Supporting adherence through packaging
For our antimalarial treatments, we wanted to create a universal packaging design that could be used and understood globally, ensuring the medication is taken properly by patients.
Together with the World Health Organization (WHO), we developed an innovative packaging for our antimalarial treatment. In addition to written instructions, the packaging uses pictograms that remind patients of how many tablets to take when, and color codes describing dosing regimens for different body-weights. The packaging also helps explain the importance of completing the full treatment course.
This is particularly important in areas with varying levels of education, where illiteracy is common, and the disease transmission is high.
The packaging of our formulation for infants and children was further enhanced to better assist with the identification of the correct pack, and support treatment adherence, with images of malaria parasites decreasing in number as the three-day course progresses.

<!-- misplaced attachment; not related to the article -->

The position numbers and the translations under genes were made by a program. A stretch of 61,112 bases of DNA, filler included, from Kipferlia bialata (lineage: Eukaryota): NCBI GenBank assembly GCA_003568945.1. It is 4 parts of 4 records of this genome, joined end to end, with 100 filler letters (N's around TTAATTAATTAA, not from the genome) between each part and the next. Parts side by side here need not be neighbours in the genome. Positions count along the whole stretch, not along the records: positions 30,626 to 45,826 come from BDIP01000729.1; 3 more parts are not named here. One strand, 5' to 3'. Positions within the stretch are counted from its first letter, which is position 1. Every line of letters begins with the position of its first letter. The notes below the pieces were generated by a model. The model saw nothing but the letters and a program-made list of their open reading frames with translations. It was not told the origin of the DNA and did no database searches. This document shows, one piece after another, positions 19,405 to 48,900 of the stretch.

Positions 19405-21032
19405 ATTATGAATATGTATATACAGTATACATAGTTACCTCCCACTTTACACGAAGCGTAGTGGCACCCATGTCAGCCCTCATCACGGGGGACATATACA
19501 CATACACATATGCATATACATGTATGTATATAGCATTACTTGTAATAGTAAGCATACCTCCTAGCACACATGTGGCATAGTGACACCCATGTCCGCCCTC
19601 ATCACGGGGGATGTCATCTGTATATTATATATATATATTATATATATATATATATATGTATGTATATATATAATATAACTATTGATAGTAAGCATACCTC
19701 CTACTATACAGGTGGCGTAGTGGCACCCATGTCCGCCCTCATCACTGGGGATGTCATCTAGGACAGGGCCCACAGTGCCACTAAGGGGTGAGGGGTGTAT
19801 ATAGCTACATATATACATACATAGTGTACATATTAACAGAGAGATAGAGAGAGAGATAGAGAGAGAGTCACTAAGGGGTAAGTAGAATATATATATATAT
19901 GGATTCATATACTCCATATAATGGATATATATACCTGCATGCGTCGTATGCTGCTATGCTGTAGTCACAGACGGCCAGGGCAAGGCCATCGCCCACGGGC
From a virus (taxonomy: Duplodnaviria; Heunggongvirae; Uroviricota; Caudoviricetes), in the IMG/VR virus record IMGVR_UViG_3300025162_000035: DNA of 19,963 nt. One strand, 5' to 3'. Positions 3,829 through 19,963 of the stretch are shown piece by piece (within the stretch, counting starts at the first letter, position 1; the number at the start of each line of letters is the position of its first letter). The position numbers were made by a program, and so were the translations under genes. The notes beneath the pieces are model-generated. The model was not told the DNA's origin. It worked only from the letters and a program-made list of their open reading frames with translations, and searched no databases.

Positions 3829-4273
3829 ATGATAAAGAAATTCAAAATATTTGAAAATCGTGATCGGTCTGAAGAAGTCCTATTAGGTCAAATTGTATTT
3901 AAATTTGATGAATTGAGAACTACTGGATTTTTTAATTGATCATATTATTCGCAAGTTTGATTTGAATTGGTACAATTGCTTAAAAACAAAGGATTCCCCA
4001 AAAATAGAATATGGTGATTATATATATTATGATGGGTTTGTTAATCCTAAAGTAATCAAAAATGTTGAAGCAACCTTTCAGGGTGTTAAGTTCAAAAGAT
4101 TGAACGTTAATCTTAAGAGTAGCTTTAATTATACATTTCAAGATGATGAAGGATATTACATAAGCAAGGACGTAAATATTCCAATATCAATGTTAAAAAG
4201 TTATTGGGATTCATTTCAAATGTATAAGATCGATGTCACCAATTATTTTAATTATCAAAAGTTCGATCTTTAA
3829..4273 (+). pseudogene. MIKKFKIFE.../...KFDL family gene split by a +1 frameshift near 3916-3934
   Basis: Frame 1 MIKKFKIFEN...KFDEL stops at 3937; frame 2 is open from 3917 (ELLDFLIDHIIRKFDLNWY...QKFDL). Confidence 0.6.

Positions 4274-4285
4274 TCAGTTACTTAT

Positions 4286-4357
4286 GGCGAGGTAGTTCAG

The Novartis Malaria Initiative worked with PSI, a global health organization with programs targeting malaria, the Zambian Nurses Association, the University of Oslo, the KEMRI-University of Oxford-Wellcome Trust collaborative program and the WHO to develop this innovative packaging.
The packaging underwent extensive field testing with healthcare providers, caregivers and patients in various rural African villages. The field testing, implemented by social scientists, demonstrated that the packaging was conducive to proper dosing and patient compliance.
Further, the blister packs were strengthened, using a moisture-barrier film to protect the tablets and guarantee their stability and shelf life even in hot, humid conditions.
The packaging received the “Drug Packaging Design Award” from the Healthcare Compliance Packaging Council in 2009.